Every assumption is right but the one regarding "reliability". It is the russion Defender in some way but much lighter and weaker. It is a car which will never be repaired to the end but is hard to kill as well.
 

klarie

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Many fellow hunters utilize Nivas, there are companies offering disassembled, galvanizing to prevent rusting and reassembling the car.
in my area there are quite a couple running. the Niva is compact, simple and robust and easy to repair. If it is used as a second car and short haul only.
If the vehicle is properly prepared against rusting it will be a long term off-road companion.
 

emax

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The Niva is boring, simple, old-fashioned, loud and weak. But it's a very capable off roader and, as @klarie already said, simple to repair and a reliable companion.

It has an honestly deserved place in the off road world and will become a legend at the latest when its production ends. I like it.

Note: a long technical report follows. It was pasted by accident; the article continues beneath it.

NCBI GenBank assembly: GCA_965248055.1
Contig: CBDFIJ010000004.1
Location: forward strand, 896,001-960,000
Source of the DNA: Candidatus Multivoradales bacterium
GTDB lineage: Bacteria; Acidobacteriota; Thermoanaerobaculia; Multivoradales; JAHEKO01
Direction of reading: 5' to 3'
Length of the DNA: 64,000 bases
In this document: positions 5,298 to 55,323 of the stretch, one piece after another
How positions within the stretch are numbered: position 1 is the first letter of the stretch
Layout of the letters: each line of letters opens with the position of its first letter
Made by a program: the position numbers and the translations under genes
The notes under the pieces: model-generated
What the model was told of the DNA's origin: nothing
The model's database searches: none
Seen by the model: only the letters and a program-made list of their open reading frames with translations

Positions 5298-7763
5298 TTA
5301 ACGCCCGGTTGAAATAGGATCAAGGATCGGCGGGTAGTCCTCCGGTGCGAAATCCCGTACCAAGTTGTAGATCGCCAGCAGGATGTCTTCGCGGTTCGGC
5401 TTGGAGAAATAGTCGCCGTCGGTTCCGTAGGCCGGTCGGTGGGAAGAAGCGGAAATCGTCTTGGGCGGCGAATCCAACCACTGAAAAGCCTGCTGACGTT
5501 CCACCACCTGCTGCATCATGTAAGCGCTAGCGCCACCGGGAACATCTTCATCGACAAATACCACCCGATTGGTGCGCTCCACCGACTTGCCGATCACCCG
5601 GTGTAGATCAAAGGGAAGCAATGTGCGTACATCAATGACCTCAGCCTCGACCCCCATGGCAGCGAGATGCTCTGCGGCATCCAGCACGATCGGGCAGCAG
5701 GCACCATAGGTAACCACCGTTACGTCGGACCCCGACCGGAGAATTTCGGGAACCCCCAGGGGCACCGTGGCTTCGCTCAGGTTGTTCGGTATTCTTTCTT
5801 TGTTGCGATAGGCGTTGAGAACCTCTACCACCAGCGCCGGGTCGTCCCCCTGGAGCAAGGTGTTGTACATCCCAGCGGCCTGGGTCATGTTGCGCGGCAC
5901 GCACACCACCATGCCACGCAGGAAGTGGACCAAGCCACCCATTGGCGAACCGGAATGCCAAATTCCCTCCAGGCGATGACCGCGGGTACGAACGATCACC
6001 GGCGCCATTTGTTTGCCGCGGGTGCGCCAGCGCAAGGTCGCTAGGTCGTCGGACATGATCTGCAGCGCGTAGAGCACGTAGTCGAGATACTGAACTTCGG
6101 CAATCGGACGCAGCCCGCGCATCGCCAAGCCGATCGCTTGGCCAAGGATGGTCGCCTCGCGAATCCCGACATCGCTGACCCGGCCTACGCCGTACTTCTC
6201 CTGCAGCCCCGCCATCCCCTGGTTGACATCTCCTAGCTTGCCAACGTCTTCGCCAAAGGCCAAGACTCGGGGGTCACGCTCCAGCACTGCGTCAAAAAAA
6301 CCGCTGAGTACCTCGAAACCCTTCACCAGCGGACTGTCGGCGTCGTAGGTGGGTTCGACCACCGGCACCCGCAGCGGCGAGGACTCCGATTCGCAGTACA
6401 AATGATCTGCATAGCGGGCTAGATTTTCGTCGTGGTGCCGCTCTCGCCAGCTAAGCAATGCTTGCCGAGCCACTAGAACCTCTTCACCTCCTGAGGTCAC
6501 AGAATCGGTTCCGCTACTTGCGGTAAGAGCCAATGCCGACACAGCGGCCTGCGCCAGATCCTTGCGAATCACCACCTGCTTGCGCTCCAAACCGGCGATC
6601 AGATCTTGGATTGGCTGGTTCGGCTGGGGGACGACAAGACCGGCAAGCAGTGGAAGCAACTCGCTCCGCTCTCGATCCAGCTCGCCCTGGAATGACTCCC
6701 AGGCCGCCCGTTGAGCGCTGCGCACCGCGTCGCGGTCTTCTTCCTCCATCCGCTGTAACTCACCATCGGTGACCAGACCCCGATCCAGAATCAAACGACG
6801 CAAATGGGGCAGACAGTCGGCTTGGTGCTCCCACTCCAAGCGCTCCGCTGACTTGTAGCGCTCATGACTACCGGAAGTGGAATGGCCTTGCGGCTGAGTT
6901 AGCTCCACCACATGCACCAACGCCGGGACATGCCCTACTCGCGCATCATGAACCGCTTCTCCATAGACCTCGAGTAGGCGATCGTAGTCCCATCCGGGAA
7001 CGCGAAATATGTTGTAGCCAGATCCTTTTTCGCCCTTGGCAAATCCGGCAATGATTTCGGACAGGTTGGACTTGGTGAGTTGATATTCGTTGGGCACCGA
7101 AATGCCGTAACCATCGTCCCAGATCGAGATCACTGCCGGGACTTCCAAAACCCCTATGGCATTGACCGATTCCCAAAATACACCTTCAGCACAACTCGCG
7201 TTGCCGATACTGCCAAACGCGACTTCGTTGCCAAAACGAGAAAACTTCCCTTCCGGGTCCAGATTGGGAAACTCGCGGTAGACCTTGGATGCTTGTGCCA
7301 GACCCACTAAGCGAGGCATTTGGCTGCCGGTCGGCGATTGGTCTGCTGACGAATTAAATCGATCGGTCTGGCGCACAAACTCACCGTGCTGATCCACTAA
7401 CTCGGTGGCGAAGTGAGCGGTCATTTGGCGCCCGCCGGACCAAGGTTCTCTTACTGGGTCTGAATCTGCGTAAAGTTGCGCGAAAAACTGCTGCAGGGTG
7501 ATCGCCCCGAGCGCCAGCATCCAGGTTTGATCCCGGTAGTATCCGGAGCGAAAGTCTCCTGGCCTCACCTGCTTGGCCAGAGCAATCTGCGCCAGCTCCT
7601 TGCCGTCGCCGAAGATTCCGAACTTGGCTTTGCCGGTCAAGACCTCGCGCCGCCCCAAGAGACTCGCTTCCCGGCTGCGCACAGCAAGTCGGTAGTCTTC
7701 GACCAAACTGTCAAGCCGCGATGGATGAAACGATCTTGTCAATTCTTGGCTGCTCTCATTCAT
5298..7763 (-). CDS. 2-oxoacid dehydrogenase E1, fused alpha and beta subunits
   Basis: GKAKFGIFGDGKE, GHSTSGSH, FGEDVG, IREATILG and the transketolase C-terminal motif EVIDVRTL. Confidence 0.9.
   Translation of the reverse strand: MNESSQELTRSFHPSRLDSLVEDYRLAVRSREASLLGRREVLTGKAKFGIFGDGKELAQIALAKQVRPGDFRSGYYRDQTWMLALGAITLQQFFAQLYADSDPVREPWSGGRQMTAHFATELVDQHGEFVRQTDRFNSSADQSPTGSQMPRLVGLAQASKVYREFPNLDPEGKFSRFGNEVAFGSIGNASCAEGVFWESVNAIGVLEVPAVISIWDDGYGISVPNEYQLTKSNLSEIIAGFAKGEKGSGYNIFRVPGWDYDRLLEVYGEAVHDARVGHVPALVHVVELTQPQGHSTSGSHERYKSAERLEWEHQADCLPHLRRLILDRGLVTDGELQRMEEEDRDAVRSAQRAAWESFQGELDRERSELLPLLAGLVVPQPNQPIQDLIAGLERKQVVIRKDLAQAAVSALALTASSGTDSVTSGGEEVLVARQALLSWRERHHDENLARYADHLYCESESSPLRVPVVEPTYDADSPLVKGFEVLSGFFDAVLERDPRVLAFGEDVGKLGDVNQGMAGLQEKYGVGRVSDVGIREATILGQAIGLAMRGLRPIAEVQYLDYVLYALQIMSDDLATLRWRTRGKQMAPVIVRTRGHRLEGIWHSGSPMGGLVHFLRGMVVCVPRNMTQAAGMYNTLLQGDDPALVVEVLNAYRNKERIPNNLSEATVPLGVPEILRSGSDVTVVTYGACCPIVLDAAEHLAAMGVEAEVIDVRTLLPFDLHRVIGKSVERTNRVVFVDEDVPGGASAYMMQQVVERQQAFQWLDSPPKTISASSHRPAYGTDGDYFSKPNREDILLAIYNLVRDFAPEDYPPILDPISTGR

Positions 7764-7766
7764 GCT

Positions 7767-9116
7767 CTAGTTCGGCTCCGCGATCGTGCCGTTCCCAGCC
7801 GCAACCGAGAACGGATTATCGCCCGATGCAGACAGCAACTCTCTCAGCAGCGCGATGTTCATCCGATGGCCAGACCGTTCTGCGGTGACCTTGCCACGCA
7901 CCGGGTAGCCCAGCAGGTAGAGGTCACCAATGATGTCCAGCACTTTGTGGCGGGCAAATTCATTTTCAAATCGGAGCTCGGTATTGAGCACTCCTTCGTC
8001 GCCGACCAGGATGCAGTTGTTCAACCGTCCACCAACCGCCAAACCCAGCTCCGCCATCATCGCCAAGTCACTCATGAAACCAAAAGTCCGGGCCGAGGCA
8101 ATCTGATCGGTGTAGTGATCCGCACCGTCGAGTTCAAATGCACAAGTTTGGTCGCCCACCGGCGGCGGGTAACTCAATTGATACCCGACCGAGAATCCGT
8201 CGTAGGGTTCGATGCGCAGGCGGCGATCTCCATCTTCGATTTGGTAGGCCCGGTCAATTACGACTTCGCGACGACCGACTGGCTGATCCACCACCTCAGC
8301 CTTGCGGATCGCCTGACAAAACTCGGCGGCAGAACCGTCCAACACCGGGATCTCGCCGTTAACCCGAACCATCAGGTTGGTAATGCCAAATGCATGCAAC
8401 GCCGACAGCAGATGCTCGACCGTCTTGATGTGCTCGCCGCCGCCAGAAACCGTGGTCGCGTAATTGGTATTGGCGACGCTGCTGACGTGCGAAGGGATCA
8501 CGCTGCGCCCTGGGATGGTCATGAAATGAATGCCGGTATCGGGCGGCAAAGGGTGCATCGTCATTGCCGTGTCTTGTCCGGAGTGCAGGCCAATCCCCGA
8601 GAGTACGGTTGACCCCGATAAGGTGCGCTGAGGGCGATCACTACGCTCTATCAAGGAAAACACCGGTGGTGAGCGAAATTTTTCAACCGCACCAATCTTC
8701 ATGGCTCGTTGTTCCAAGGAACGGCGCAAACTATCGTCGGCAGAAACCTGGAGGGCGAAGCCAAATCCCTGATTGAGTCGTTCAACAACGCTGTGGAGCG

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Had them in Canada for a while way back when. I remember one of the features was built in side window scrapers, when you roller down the window the seal at the bottom was ridged and tight to the glass, serving as a scraper.

Very rare to see one now.

Good for them producing their own cars.
 

globalgregors

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I’ve heard of the Lada and have seen a few videos on YouTube but really don’t know much. I always thought they looked like VW Rabbits on steroids. If they were reliable and capable it would be a fun runabout. They look fantastic and tough as nails.